This is the 10th off-season for Fantasy Pool Look and for the 10th summer in a row I’ll provide an outlook for each team. I’ll have my fantasy hockey goggles on, of course. In keeping with tradition, I run through the teams alphabetically (in reverse this season), but switch starting points each year. Contract information courtesy of CapGeek.com. Thanks to the lockout, I was able to stretch this out and give each team more attention than usual. Time to take a look at the Bruins and Ducks.
Gone – Joe Corvo, Greg Zanon, Benoit Pouliot, Zach Hamill, Mike Mottau, Brian Rolston, Marty Turco…and don’t forget that Tim Thomas plans to take a year off.
Incoming – Aaron Johnson, Chris Bourque, Garnet Exelby
Ready for full time – Anton Khudobin has gone from being a long-term prospect on your keeper league farm team you were about to drop, to an intriguing dark horse who could pay quick dividends. Khudobin is a 26-year-old goaltender who has done well in pro hockey in North America, but he was probably looking very carefully at his future and possibly giving up the NHL dream to go back to Kazakhstan and play in the Kontinental League. The fact he’s played most of his career in the American League wasn’t because he was not NHL ready, rather because the Bruins had Thomas and Tuukka Rask firmly entrenched ahead of him. Now that Thomas is taking the year off, suddenly Khudobin has an NHL job. When he plays, he’ll thrive. The team in front of him is too good for him to falter. The “dark horse” status comes into play if Rask ever gets injured. And it’s not like Rask is an iron man.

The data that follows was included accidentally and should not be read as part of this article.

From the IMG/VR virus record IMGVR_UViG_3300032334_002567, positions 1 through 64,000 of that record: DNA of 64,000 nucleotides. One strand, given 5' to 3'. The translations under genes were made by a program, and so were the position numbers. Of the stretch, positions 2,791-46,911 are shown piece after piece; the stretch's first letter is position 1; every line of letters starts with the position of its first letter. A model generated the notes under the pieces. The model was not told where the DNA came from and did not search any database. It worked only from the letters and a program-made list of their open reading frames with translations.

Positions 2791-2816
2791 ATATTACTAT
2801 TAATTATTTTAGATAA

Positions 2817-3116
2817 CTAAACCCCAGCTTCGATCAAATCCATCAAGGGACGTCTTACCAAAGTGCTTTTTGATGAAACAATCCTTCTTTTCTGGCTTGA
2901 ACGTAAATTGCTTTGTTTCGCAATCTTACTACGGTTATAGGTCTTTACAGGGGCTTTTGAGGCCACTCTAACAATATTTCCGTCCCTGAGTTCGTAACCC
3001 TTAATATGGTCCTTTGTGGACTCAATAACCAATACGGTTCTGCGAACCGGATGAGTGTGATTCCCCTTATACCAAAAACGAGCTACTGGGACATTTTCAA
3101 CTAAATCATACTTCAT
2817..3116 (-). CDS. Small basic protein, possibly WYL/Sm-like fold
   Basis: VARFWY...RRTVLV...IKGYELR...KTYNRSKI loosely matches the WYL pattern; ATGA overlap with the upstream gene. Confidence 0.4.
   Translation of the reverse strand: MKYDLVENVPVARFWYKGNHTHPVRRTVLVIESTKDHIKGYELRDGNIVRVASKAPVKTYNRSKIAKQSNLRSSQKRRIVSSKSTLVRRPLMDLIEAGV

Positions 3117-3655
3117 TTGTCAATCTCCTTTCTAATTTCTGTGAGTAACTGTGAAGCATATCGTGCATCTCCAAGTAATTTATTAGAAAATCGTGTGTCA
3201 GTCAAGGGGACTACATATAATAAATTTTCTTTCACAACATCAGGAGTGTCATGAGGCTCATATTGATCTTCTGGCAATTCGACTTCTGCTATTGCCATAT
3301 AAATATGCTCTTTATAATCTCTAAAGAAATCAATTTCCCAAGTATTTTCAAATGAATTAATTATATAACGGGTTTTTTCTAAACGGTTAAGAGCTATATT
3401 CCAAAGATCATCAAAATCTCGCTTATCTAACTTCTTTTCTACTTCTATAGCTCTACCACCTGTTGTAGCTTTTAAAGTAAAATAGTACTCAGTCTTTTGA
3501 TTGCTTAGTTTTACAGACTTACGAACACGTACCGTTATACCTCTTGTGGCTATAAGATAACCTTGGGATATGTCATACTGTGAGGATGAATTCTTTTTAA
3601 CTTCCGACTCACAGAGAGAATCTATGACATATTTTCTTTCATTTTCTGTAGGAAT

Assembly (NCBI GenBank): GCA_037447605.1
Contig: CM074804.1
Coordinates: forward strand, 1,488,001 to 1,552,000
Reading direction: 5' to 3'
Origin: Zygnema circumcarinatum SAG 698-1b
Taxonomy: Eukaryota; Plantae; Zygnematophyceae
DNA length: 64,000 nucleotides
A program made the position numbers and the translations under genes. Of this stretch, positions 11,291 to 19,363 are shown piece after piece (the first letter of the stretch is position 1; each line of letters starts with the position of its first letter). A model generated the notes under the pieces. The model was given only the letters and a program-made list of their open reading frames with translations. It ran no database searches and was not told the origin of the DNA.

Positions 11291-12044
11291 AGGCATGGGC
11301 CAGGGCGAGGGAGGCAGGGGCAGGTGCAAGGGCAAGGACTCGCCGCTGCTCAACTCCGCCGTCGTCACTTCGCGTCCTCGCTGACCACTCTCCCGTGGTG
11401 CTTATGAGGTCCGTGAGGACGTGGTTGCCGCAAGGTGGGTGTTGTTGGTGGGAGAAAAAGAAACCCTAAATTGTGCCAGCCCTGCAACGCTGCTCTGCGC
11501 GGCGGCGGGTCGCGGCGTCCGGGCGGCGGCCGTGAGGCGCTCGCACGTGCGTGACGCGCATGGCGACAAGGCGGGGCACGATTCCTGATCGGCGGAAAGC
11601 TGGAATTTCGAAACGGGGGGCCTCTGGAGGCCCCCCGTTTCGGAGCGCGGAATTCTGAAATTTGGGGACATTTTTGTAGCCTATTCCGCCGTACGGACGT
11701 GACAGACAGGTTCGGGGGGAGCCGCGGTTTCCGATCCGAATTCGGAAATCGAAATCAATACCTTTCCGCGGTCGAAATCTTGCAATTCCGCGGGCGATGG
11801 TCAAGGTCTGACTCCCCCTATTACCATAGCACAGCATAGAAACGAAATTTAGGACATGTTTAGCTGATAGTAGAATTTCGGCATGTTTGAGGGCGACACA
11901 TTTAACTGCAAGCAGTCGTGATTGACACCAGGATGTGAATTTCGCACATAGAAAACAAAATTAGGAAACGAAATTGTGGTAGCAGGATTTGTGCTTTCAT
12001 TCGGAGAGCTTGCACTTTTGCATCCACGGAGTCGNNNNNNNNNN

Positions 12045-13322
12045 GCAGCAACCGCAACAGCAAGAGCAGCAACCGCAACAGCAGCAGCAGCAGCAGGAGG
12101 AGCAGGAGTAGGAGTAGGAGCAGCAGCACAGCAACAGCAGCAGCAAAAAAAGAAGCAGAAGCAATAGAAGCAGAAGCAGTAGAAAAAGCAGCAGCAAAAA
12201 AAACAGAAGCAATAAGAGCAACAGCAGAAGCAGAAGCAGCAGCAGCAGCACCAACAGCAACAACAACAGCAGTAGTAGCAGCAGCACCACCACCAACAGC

Jordan Caron should make this team full time. It’s not a slam-dunk, given his healthy scratch status in the post-season. A job is not a given. But he should be safe, as he’s looking more comfortable with each game. That means the Bruins are pretty full up front. Injuries do happen though, and prospects do surprise enough in training camp to make it impossible to send them down.
The two forwards worth watching in camp are Jared Knight and Ryan Spooner. Each of them has a bright future, but in all likelihood the pair will take another year or two before making the jump. College star Carter Camper will also get a look, but he’ll only get a top-six spot if a scorer gets injured. Ditto for journeyman Chris Bourque.
Most experts believe blue-chip blueliner Dougie Hamilton is a lock to make the team. I certainly can’t disagree, but they don’t need to rush him if Torey Krug is ready. Krug is an undrafted college star, like Camper, who was a coveted free agent. It will be Krug or Hamilton – training camp will be very interesting.
Fantasy Outlook – The Bruins are deep and have plenty of choices on the pro roster for your fantasy squad. Their farm system, in terms of fantasy upside, is flush with talent. After Zdeno Chara and Tyler Seguin, they may not have an elite talent, but they certainly have plenty of great assets. Fantasy Grade: B+ (last year was B)
Gone – Niklas Hagman, J-F Jacques, Sheldon Brookbank, George Parros, Lubomir Visnovsky, Jason Blake, Dan Ellis, Rod Pelley, Mark Bell
Incoming – Daniel Winnik, Sheldon Souray, Bryan Allen, Jordan Hendry, Brad Staubitz, Viktor Fasth